I faced Day Eleven with a good bit of trepidation. Let’s be honest, no one looks forward to their chemotherapy infusion. That statement is right up there with “water is wet”. Had some good things going for me. My oncologist pulled back the Oxaliplatin for my last two infusions. The numbness in my feet and hands has been causing problems. Since nerve damage is a side effect; cutting it out isn’t a bad thing. The other big side effect is cold sensitivity, so not having that is a good thing. I mean, it’s summer. It’s hot. I’d like something cold to drink.
On the flip side; we were meeting with the Oncologist and trying to find out what our next steps will be. That’s a bit easier said than done, even at this point. I was more than a little nervous and what we’d be told. More chemo? Other treatments? The unknown was weighing heavy going into that appointment.
I’d like to take a break from our regular scheduled programming and bring you this public service announcement. There isn’t a delicate way to have this conversation, but we’ll try. Get your pictures taken. Do your hair, brush your teeth, relax and smile. Not much more that you can do. There are other … less invasive ways to get screened for colon cancer. Isn’t technology wonderful? Any way you do it, get checked out. Trust me, you’re not too young. Now you know and well… You know the rest.
I’ve got one more Chemo infusion to get through. After that, there’s going to be a pause of about six weeks. Over the next few months, there’s at least one CT scan in my immediate future as well as a colonoscopy. Oh, I’m getting the pictures this time. After all, I need something to include with the Christmas cards, fight? Holding out hope that the CT and colonoscopy don’t show up anything; I’ll be repeating both of those every year for the next couple of years.
I crossed a milestone. At my desk, I have a white board that one of the many things I use it for is to track where I’m going. If I’m going on vacation, I write the dates in green. If I have to travel for work, I write the city and dates in blue. For my chemo appointments, I wrote the dates in orange. It helps me keep track of what I have going on and is a quick an easy way to for me to see if I’m going to be around for meetings and other things in the office. Why did I pick these colors, you ask? Because they match the colors that I use in my planner.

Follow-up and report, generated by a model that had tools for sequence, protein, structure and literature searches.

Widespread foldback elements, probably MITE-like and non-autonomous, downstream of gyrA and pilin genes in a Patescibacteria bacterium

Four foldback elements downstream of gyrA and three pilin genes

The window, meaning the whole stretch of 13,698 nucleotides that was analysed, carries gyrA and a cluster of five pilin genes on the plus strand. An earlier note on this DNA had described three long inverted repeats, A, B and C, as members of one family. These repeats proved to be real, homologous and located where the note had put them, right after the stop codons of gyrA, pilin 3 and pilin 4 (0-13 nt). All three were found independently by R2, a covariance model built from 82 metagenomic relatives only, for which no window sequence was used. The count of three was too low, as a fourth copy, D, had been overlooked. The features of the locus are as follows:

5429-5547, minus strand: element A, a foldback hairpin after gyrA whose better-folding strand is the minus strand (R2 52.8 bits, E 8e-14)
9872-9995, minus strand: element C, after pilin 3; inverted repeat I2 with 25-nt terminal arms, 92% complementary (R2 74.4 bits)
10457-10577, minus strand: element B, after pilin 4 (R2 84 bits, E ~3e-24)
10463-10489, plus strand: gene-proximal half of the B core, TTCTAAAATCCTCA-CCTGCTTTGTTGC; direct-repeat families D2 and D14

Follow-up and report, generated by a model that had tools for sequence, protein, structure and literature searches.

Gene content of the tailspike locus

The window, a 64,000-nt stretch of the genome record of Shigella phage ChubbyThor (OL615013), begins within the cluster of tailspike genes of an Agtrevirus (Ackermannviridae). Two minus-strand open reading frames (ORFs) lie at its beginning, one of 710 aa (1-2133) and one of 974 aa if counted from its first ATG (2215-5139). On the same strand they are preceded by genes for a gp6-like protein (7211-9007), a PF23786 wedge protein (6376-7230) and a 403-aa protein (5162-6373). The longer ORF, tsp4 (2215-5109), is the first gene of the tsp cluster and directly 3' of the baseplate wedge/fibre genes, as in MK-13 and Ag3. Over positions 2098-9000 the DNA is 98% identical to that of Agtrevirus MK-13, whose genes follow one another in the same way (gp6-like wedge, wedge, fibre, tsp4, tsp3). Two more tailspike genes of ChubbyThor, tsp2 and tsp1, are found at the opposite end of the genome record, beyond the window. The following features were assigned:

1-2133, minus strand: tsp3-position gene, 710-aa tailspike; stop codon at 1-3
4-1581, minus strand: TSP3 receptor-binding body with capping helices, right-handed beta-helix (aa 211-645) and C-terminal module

Of course they match the colors in my planner. We’ve met, right?
This week I crossed off the last date of my chemo appointments and wiped that section of my whiteboard clean as new fallen snow. A nice way to mark a milestone.
This week hasn’t been too bad. I’ve noticed that the skin on the back of my hands is starting to look like an old person’s. It’s all crepe papery and thin. My knuckles and webbing between my fingers has started to chap. All the lotions and creams that I’ve tried don’t help. The neuropathy in my feet hasn’t gotten much, if any better. I do notice that it’s worse in the mornings when I first get up. This portion of my triathlon is coming to a close. Now I just have to finish the swim and the bicycle race.
Finished up week ten. Only two more sessions until I’m done with chemo. At least that’s what I’ve been promised by my Oncologist. It seems like it say that every week was a tough week. Here’s a hint; they’ve all been tough in their own way.
In my defense most of this was my own doing. I did something pretty dumb. Well, I had agreed to it when I was feeling better, I just had to fulfill those promises when I was not so ship shape. So, I went out of town for work. Spent the week out in San Diego. I know poor me. The weather was horrible, 70 degrees and sunshine. What was bad was getting from here to there and back again. Travelling coast to coast is hard enough when I’m on my game. When I’m not feeling great, it sucks. I realized something important that week though. I don’t snap back like I used too. It’s a little harder to get up in the morning when I’ve been flying and running through airports.
Lessons were learned, that’s the important part. Every time I learn a little bit more of what I’m capable of and what my limits are. Here’s a hint; I’ve been finding out that my limits are a good bit closer to home than I always imagine.